6.5 CPM: System B

109

cannot contribute to overall system reliability. Table 6.2 summarizes the conditional basis for both the System A and System B subsystems. Table 6.2 Conditional basis for Systems A and B Subsystem Computer Surface

System A System B Number of Number of operational buses operational ACi Number of Number of eﬀective channels eﬀective channels

EL i / ER i Ai

Surface 1

Pi

Bi

Si

Ci

AC i

NOTES The AC, EL and ER components are all powered by their local B bus. Only two of a total of six control surfaces are shown.

Fig. 6.3 Quad digital ﬂight control system with six control surfaces—System B

Surface 6

110

6 CPM using BSV

If rCAi represents computer subsystem reliability given that exactly i AC components are operational and that rACi is the expression for the eﬀective number of operational channels in the surface subsystem, then the CPM for this system, rS ysB , is rS ysB =

nChn

rCAi · (rACi )6 .

(6.11)

i=1

The derivation of the System B subsystem expressions used in Equation (6.11) is done in a fashion similar to that used for the System A subsystems discussed in the previous section. The key diﬀerence between the two codes is that the models required for the computer subsystem and the control surface subsystems in System B are now conditioned on the number of operational channels, nChn, instead of the number of operational buses, nBus, which was used for System A. An FLC version of System B based on Equation (6.11), is setSymbolic; nChn = 4; nBus = 4; sP = GenRSet[P, nChn]; sS = GenRSet[S, nChn]; sC = GenRSet[C, nChn]; sAC = GenRSet[AC, nChn]; cS = GenRSet[cS, nChn − 1]; cC = GenRSet[cC, nChn − 1]; cAC = GenRSet[cAC, nChn − 1]; sBout = {P1 ⊕ P4, P2 ⊕ P1, P3 ⊕ P2, P4 ⊕ P3}; sSpwr = sS ⊗ sBout; sCpwr = sC ⊗ sBout; sACpwr = sAC ⊗ sBout; rThruAC = Table[0, {nChn}]; For[iChn = 1, iChn ≤ nChn, iChn++, rThruAC[[iChn]] = sACvoted ⊗ ReX[iChn, sACpwr]/.TOr; ]; sEL = GenRSet[E1, nChn]; sER = GenRSet[E2, nChn]; cEL = GenRSet[cE1, nChn − 1]; cER = GenRSet[cE2, nChn − 1];

6.5 CPM: System B

111

sB = GenRSet[B, nChn]; sELselect = RaL[1, sEL ⊗ sB, cEL]; sERselect = RaL[1, sER ⊗ sB, cER]; sACT1out = A1 ⊗ sELselect; sACT2out = A2 ⊗ sERselect; sActSys = sACT1out ⊕ sACT2out; rActSys = Table[0, {nChn}]; For[jChn = 1, jChn ≤ nChn, jChn++, BusPat = GenSubRule[B, GenPat[nChn, jChn]]; rActSys[[jChn]] = sActSys/.BusPat/.TOr; ]; sysB6 =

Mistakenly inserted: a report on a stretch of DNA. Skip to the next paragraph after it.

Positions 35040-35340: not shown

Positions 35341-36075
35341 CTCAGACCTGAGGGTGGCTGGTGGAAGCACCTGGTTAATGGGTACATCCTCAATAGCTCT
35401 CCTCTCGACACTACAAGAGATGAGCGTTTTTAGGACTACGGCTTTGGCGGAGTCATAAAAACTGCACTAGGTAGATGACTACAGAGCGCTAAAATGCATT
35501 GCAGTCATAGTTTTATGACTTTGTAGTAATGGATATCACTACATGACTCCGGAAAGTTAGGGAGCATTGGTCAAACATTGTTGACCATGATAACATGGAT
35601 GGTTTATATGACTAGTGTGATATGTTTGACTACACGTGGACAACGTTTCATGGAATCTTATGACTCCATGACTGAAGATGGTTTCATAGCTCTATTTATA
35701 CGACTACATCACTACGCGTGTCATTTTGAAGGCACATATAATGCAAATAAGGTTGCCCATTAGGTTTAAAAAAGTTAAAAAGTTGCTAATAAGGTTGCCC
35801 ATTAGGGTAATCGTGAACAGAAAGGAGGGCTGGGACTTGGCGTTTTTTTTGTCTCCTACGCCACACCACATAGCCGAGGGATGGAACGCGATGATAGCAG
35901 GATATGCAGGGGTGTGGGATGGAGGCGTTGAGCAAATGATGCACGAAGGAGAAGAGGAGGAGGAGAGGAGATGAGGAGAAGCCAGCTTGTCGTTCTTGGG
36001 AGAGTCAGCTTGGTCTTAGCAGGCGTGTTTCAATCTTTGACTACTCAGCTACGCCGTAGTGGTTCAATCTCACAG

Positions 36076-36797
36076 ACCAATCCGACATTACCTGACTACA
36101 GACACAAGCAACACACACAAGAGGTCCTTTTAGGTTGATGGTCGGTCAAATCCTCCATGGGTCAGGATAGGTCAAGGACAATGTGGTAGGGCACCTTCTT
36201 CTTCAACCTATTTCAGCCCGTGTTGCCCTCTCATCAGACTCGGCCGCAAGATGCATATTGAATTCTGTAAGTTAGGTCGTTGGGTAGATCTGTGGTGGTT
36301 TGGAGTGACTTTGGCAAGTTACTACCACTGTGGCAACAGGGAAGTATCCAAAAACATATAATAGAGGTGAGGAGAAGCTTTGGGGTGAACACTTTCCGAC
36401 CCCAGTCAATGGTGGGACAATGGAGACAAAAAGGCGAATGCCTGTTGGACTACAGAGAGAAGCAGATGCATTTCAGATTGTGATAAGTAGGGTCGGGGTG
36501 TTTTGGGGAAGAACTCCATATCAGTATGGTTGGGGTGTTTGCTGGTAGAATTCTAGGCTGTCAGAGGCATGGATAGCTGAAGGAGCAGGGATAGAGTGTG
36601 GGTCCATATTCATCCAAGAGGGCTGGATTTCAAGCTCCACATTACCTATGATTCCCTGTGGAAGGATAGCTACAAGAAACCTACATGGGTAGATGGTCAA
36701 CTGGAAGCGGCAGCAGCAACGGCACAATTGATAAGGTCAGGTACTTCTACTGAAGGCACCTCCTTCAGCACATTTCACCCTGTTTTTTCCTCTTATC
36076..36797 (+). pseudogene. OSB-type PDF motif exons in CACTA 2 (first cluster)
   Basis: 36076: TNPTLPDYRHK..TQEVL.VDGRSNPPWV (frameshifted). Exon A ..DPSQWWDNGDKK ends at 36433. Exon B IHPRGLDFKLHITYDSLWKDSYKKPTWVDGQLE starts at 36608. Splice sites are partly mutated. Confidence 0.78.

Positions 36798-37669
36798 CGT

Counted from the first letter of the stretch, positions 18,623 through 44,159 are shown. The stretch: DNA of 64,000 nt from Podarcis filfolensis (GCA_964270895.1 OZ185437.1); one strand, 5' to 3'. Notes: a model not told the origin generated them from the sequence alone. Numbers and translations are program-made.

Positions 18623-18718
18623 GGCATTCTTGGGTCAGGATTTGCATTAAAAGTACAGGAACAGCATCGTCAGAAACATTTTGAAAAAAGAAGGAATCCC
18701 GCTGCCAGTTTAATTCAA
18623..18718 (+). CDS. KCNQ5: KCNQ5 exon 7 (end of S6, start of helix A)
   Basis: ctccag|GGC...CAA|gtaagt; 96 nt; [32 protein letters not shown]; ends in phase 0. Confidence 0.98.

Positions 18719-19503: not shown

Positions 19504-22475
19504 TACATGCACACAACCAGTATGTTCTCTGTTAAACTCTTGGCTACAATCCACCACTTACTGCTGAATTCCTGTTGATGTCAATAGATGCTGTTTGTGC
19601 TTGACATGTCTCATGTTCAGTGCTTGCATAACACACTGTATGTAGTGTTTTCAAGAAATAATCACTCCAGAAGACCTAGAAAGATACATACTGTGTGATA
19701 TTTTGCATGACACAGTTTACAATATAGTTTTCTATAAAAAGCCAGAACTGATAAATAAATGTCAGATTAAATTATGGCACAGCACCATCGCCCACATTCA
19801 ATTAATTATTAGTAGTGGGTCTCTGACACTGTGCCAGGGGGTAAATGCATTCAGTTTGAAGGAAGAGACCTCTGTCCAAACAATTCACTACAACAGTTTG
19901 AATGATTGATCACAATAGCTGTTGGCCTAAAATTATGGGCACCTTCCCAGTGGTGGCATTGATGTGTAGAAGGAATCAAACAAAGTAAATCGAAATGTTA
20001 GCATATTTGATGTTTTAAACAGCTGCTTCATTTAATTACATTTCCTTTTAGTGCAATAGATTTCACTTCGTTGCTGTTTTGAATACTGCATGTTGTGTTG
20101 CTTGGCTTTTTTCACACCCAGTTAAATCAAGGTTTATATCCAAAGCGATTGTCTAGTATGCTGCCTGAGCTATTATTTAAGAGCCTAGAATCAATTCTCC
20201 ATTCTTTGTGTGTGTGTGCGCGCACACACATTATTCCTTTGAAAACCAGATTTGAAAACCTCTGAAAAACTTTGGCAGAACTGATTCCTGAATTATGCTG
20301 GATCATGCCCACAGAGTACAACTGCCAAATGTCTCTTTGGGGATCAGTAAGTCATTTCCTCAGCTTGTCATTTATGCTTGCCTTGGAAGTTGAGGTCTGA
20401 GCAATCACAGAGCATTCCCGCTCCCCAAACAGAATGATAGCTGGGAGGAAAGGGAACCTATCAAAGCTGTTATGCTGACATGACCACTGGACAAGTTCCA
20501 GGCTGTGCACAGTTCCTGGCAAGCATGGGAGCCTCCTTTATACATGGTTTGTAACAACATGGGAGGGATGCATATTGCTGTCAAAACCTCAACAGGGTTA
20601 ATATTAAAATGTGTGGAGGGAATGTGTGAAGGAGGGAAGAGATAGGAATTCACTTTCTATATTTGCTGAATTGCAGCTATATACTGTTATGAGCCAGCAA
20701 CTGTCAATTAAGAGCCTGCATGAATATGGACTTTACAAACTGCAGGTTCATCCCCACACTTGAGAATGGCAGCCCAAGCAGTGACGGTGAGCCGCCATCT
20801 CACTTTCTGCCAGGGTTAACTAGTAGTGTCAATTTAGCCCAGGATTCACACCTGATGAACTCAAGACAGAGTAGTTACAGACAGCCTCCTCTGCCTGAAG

nChn i=1

rThruAC[[i]]rActSys[[i]]6 ;

Again, PFC and OLC models can be derived from these FLC results: sysB6flc = sysB6; sysB6pfc = sysB6/.TOpfc; sysB6olc = sysB6/.TOolc; Expand the expressions for the System B PFC, FLC and OLC results: sysB6flcEx = sysB6flc//Expand; sysB6pfcEx = sysB6flcEx/.TOpfc; sysB6olcEx = sysB6flcEx/.TOolc; The expressions for the System B PFC, FLC and OLC models are sysB6pfcEx//Length 4032 sysB6pfcEx//First 1024 r[λA, t]6 r[λAC, t]r[λC, t]r[λE, t]6 r[λP, t]r[λS, t] sysB6pfcEx//Last r[λA, t]12 r[λAC, t]4 r[λC, t]4 r[λE, t]48 r[λP, t]4 r[λS, t]4 sysB6flcEx//Length 2664340

112

6 CPM using BSV

sysB6flcEx//First 1024 cAC1 cAC2 cAC3 cC1 cC2 cC3 cE16 cE26 cE36 cS1 cS2 cS3 r[λA, t]6 r[λAC, t]r[λC, t]r[λE, t]6 r[λP, t]r[λS, t] sysB6flcEx//Last 67108864 cE112 cE212 cE312 cS1 cS2 cS3 r[λA, t]12 r[λAC, t]4 r[λC, t]4 r[λE, t]48 r[λP, t]4 r[λS, t]4 sysB6olcEx//Length 98532 sysB6olcEx//First 1024 cAColc cColc cEolc6 cSolc r[λA, t]6 r[λAC, t]r[λC, t]r[λE, t]6 r[λP, t]r[λS, t] sysB6olcEx//Last 67108864 cEolc12 cSolc r[λA, t]12 r[λAC, t]4 r[λC, t]4 r[λE, t]48 r[λP, t]4 r[λS, t]4 Numerical results, computed from the non-expanded expressions, for System B reliability are setNumeric; times = {1, 2, 5, 10, 20}; Table[{t = times[[i]], N[1 − sysB6pfc, 6], N[1 − sysB6flc, 6], N[1 − sysB6olc, 6]}, {i, 1, Length[times]}]//TableForm setSymbolic; 1 2.42055×10−11 2.20661×10−10 1.72431×10−10 2 9.92852×10−10 1.38010×10−9 1.28367×10−9 5 7.27998×10−10 1.94086×10−8 1.91679×10−8 10 4.43904×10−9 1.51560×10−7 1.51079×10−7 20 4.19386×10−8 1.20205×10−6 1.20109×10−6

6.6 Comparison of System A and System B

113